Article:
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January 19, 1996 - Image 35

Resource type:
Text
Publication:
The Detroit Jewish News, 1996-01-19

Disclaimer: Computer generated plain text may have errors. Read more about this.

The Picture Man

him, and while he waited for the coun-
try to "come to its senses" he was free to
develop a filing system for his pictures
that later became the lifeblood of his
archive.
"By training, I seemed destined to
plan the archive like a library, offering
quality pictures assembled according to
a logical system," Dr. Bettmann wrote
in his autobiography, Bettmann: The
Picture Man. This distinguished my
budding enterprise from that of my col-
leagues."
Each image Dr. Bettmann collected
was carefully copied, mounted on index
cards and categorized by subject mat-
ter, time period and other applications.
Dr. Bettmann also developed a tough
standard for picture selection. Accept-
able images had to meet three criteria:
"well-designed, easily 'read' and every
inch informative," he said.
Such scrutiny would serve him well
in the United States where editors want-
ed pictures that immediately told a sto-
ry or reinforced ideas, he said. The
frantic pace of modern life left people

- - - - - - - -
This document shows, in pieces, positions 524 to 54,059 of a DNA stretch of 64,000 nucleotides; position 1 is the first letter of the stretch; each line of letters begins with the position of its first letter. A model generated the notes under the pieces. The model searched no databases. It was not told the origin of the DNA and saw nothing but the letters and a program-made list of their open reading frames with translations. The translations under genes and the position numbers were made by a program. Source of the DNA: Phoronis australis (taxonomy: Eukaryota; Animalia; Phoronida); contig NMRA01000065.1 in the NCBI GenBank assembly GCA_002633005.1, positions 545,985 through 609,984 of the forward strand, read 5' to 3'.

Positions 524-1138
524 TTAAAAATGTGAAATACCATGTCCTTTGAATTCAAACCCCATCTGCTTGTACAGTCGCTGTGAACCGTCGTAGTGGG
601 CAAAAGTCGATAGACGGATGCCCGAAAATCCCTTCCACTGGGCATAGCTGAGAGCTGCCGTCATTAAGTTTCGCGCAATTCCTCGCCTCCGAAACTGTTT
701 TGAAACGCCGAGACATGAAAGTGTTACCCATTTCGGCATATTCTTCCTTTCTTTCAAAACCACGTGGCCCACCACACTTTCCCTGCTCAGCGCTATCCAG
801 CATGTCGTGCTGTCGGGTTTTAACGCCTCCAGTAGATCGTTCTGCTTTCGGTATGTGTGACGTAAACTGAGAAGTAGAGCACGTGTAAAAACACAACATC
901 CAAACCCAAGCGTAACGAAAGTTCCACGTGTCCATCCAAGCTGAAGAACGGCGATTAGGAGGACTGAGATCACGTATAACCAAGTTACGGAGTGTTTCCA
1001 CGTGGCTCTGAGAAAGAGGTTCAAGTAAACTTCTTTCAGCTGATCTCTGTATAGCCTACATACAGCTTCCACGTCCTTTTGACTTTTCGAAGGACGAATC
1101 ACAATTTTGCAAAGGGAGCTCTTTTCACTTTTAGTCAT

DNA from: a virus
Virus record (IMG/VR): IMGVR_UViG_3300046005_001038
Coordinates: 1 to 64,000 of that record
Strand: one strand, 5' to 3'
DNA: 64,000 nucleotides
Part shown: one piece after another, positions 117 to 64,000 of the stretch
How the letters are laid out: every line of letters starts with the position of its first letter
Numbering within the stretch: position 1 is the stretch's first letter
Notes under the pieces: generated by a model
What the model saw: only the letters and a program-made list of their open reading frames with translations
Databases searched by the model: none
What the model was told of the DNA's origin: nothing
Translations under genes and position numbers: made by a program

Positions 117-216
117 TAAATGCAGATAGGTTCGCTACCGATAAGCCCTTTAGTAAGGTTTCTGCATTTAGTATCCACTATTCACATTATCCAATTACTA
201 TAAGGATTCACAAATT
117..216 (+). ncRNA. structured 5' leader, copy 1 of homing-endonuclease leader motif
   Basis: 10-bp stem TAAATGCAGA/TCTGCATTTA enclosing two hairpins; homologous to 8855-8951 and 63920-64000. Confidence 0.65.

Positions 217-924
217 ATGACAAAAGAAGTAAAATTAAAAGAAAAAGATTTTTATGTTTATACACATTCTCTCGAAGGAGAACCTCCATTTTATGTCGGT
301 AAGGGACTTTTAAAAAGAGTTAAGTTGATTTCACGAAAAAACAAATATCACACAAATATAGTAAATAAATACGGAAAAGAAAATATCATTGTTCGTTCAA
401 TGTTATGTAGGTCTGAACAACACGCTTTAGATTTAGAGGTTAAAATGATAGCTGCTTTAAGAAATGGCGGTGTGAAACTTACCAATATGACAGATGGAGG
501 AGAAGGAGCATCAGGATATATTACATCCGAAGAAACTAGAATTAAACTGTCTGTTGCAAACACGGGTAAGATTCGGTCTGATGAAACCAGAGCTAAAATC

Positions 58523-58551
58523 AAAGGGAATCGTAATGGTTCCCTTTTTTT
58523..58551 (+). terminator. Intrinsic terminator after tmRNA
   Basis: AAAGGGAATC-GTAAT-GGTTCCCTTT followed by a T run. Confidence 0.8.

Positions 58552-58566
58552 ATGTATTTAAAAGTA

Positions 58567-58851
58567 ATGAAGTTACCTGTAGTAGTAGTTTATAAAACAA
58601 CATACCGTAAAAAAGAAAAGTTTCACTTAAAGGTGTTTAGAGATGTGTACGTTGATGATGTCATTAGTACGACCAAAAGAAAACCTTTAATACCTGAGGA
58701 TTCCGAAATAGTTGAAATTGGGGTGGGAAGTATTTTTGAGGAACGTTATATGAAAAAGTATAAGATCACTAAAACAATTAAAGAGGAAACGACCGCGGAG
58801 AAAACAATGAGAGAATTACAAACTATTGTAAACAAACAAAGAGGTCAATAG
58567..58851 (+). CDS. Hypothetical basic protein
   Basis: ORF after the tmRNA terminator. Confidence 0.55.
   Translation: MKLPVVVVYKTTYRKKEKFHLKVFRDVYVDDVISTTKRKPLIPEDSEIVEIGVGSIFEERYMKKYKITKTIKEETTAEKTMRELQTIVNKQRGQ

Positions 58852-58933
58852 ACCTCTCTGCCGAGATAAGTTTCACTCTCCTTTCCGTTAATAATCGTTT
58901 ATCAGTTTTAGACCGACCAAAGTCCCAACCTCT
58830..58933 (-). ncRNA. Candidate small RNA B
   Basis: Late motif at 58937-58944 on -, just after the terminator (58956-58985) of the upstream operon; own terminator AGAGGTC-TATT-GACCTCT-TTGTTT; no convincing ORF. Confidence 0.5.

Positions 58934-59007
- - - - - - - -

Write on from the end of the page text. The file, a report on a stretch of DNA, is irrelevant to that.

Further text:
with little patience to decipher compli-
cated designs.
"I threw away most of the pictures I
received," Dr. Bettmann said. "Some-
one once said of me, 'When pictures go
across his desk, they tremble.' "
Even in the hands of Mr. Gates, the
archive, now shortened to "Bettmann,"
maintains the same lofty principles. This
consistent top quality prompted its in-
ternational reputation as. "the Tiffany
of pictures," Dr. Bettmann said.
"We still stay by the same high stan-
dards Otto created," said Daniel Pierce,
Bettmann director of collection devel-
opment. "His stamp is so indelibly put
on the Archive."
In the early 1930s, the Bettmanns'
American relatives pressured them to
flee Germany. But the family, who
heard rumors of the sleazy, Indian-in-
fested, culturally impaired way of life
overseas, were afraid to emigrate.
"We were kind of naive and ethical.
We didn't want to escape," Dr.
Bettmann said. "Nobody would have
heard of me if I had stayed. I would just
be a number in a concentration camp."
In 1935, Dr. Bettmann's first at-
tempts to sell his pictures were thwart-
ed and his bank account was seized by
the government. Thoroughly disillu-
sioned with Germany, he finally packed
his images and left. His parents and
brother followed a few years later.
"When I came down the gangplank
in New York I felt a certain fresh air that
I have loved ever since," he said. "When
the immigration official asked what I
did, I explained to him that
I was an art historian. He
New York's
said, 'I'm glad you came
oer East
here. We need people like
?Ade, 1910.

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